With American universities growing increasingly concerned about the challenges of attracting qualified students into engineering majors, professor William Ristenpart believes he may have an answer:
Ristenpart, who holds the Joe and Essie Smith Endowed Chair of Chemical Engineering at UC Davis, leads a research team that investigates the physical, chemical and biological phenomena of fluids, including fluid motion caused by electrical fields, how different food metabolites affect red blood cells, and the behavior of fluids at the microminiaturized scale.
“In a way, I zap salad dressing,” he explains. “Electric fields are used widely to separate oil and water emulsions. I have other projects that involve taking blood samples and squeezing them through micro-channels, to mimic the hydrodynamic conditions during, say, arteriosclerosis. There are a lot of physiological implications to how blood cells respond under such conditions, and this research helps us understand how they regulate vasodilation.”
But where does coffee come in?
Like many engineering professors across the country, Ristenpart believes that universities must become more aggressive with outreach, in order to attract students who otherwise might not even contemplate careers in various engineering fields. Part of the solution, he believes, involves crafting lower-division courses that will engage undergraduates in inspiring, hands-on lab activities.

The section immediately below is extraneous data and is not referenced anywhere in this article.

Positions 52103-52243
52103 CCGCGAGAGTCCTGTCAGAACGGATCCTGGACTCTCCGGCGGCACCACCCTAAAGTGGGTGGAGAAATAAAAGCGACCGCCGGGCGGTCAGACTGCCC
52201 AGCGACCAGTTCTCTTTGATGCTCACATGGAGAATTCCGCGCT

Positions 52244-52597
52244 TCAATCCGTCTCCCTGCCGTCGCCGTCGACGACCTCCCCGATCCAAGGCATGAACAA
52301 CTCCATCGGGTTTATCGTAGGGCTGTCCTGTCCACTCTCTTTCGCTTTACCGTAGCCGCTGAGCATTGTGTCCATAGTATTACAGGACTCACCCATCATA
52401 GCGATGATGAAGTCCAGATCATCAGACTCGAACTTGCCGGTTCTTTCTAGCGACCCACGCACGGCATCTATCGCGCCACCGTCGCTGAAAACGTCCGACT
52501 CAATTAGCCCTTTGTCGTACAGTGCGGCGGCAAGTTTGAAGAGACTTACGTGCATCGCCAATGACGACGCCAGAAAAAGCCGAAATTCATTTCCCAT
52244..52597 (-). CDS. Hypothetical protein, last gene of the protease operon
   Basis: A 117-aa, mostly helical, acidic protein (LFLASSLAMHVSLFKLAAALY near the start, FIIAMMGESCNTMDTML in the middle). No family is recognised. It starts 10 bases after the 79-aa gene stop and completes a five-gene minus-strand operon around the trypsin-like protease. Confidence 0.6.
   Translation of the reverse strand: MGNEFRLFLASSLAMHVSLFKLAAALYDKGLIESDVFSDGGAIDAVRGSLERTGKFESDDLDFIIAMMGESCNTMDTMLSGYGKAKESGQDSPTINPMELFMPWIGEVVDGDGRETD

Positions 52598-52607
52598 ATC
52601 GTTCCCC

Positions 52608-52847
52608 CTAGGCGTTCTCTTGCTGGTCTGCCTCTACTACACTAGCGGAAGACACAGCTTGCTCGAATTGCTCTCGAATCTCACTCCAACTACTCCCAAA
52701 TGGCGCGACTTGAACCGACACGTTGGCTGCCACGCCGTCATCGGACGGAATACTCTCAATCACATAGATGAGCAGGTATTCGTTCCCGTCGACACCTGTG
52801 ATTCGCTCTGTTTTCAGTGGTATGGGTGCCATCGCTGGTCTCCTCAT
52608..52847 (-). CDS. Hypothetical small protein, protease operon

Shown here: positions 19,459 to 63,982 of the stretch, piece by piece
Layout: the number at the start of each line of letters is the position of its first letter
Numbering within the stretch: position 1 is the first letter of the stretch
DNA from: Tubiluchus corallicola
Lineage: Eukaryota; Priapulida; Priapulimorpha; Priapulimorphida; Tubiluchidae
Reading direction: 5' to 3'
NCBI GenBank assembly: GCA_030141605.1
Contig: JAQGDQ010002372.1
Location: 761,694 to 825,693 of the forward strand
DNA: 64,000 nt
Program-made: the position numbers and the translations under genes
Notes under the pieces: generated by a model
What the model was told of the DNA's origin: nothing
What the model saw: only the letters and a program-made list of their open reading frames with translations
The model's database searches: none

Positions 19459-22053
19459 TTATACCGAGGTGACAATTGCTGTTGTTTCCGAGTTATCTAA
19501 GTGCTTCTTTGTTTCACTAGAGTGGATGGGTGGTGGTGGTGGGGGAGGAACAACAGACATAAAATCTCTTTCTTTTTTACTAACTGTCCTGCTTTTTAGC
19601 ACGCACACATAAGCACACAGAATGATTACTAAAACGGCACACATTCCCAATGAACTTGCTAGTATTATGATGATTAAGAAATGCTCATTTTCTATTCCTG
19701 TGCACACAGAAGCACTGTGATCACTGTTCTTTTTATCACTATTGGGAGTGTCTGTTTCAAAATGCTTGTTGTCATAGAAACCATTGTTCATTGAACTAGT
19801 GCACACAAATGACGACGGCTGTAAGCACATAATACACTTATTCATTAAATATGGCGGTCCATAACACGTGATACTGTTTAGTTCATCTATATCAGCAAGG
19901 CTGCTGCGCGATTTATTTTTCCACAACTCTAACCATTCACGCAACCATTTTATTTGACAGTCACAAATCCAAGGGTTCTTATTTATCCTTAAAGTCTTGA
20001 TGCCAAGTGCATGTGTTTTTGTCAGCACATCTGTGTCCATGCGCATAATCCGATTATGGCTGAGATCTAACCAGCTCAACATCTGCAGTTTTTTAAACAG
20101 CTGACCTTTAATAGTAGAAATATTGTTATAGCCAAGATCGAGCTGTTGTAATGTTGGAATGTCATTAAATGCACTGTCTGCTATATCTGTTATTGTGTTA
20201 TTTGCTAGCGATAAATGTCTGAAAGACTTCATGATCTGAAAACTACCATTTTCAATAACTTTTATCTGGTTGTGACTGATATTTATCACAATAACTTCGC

And he believes the situation is particularly critical when it comes to chemical engineering.
“Until very recently, no chemical engineering professor even saw students until their junior year,” he admits. “There were zero lower-division chemical engineering courses. The thinking was that younger students weren’t strong enough or mathematically talented enough, so the idea was to weed them out with freshman-level chemistry and physics.